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I hope you never have to prepare a ghost bike

A behind the scenes explanation of what ghost bikes are, how to make one, and how ghost bike vigils are organized.


On October 28th, I received a text message from my friend, Babs. Babs and I were working on a design project together, so I assumed she was texting about that. When I opened the text, I expected to read something about the logo work, but instead it was a link to a news article. The article was titled, "Bicyclist seriously injured after struck by van in Streeterville". Whenever a cyclist is hit, there is this moment where everyone braces for impact as we try to figure out who was hit. There's an immediate sinking feeling, paired with holding our breath, as we perform a "friend-check" wondering if it was someone we know.



Babs sent two more texts:


"I know him"



"It sounds really bad"



And it was bad. The biking community quickly learned the person who had been hit was Adé Hogue. He was a prominent designer and he raced on the same Half Acre cycling team as Babs. The bike and design communities overlap heavily in Chicago and Adé's crash sent waves through both of these communities. A gofundme was launched to help with Adé's medical bills as well as travel expenses for his out of town family. Over $170,000 donations poured in from all over the world.




Things didn't go the way we had hoped and Babs and I took on the unfortunate role of arranging Adé's ghost bike. A ghost bike is a memorial for people killed while biking. The process involves painting a bicycle white & placing it at the site of the crash. Ghost bikes are a way to honor lives lost and they're paired with a hope that a location will be constructed in a way that will be safe for all. They are a strange, painful, emotional, and exhausting custom. If you're reading this, I hope you never have to make one.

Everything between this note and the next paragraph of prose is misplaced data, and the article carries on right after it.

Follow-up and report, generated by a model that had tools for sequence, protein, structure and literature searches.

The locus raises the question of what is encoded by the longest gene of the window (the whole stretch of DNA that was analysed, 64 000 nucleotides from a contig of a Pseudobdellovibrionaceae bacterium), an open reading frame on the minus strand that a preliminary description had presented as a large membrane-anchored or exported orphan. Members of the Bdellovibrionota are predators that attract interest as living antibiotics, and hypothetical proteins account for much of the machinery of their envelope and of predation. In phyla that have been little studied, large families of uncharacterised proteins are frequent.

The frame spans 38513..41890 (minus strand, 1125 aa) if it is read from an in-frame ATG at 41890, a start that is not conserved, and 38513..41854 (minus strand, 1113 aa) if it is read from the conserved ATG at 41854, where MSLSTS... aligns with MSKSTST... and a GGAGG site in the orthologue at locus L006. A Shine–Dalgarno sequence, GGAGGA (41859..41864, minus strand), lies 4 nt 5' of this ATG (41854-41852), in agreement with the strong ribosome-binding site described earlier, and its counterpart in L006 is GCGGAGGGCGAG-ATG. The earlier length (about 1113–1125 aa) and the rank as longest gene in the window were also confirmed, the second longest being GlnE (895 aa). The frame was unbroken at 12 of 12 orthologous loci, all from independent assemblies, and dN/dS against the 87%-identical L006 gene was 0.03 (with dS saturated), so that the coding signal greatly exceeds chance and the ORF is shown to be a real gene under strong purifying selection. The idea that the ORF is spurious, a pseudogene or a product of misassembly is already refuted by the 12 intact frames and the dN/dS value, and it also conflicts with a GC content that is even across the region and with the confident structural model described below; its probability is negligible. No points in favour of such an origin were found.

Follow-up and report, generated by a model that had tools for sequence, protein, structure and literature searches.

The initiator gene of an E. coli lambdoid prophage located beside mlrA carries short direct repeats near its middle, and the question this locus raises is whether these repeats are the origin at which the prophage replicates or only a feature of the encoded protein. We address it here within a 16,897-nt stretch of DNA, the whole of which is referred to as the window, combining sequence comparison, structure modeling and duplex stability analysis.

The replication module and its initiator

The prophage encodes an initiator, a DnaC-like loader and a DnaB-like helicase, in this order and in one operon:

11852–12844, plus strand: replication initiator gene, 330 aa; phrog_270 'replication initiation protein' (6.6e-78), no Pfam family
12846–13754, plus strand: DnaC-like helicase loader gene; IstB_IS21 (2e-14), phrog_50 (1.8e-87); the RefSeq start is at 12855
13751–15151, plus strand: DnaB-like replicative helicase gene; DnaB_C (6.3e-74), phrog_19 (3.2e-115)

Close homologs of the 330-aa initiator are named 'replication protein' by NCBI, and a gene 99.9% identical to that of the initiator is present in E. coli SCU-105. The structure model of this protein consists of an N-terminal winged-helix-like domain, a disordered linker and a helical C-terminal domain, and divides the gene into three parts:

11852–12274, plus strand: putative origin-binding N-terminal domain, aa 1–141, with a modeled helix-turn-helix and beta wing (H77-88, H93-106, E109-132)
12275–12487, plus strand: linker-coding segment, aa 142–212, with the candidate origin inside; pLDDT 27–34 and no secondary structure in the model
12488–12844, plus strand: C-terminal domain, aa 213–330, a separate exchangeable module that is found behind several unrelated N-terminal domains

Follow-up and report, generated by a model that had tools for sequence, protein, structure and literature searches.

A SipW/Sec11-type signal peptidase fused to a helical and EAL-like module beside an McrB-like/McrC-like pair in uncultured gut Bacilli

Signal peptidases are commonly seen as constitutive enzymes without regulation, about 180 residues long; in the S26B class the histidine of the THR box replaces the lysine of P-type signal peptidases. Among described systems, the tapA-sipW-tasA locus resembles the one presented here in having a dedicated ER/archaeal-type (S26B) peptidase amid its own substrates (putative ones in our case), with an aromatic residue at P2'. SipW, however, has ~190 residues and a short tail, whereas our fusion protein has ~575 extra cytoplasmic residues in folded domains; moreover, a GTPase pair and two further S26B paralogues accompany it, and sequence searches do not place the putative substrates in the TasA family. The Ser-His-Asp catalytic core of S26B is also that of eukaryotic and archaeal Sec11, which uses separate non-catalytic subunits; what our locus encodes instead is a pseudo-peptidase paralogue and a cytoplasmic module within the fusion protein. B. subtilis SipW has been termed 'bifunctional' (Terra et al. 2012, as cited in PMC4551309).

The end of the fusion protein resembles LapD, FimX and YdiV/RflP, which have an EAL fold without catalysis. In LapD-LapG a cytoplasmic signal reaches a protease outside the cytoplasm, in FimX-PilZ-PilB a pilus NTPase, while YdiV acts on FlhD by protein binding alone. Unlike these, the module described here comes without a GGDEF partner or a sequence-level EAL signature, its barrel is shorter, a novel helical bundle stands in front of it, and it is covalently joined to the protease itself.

Here are a few behind the scenes details about ghost bikes and vigils that aren't often shared publicly:

  • Not everyone wants a ghost bike created. Sometimes family members prefer not to have one created. Would you want to pass by a loved one’s ghost bike everyday? Adé's friends and family wanted a ghost bike created.

  • Who is going to prepare the ghost bike? Sometimes family and friends prefer to prepare the ghost bike themselves. Sometimes the family and friends prefer for someone else to take care of it.

  • What bike are you going to use? You can't use the bike the person was riding when they were hit. When a person is killed while biking, their bike is held by the police as evidence. Adé had multiple bikes, so could we use one of his other bikes? Nope. Adé's bikes were so high-end that they wouldn't stand a chance chained up on a Chicago street. His bike would have been stolen in a heartbeat. There's nothing more heartbreaking than a stolen ghost bike. (Yes. It really does happen.) The wonderful folks at Working Bikes donated a bike for Adé.

  • How are you going to paint the ghost bike? It's illegal to buy spray paint in Chicago, which makes painting a ghost bike quite an ordeal. Seriously, how twisted is it that in order to paint a ghost bike for someone killed in a car crash, you're forced to track down someone with a car to drive out to the suburbs for spray paint? Aaaannnnnd you better buy enough paint while you're out there, or you're going to need to go back for a second trip. Adé was a designer, which meant we were extra nervous of doing a crappy job painting his ghost bike. Again, I hope you won't need this information, but buy 5 cans of spray paint. Let the paint dry between coats to so it doesn't drip.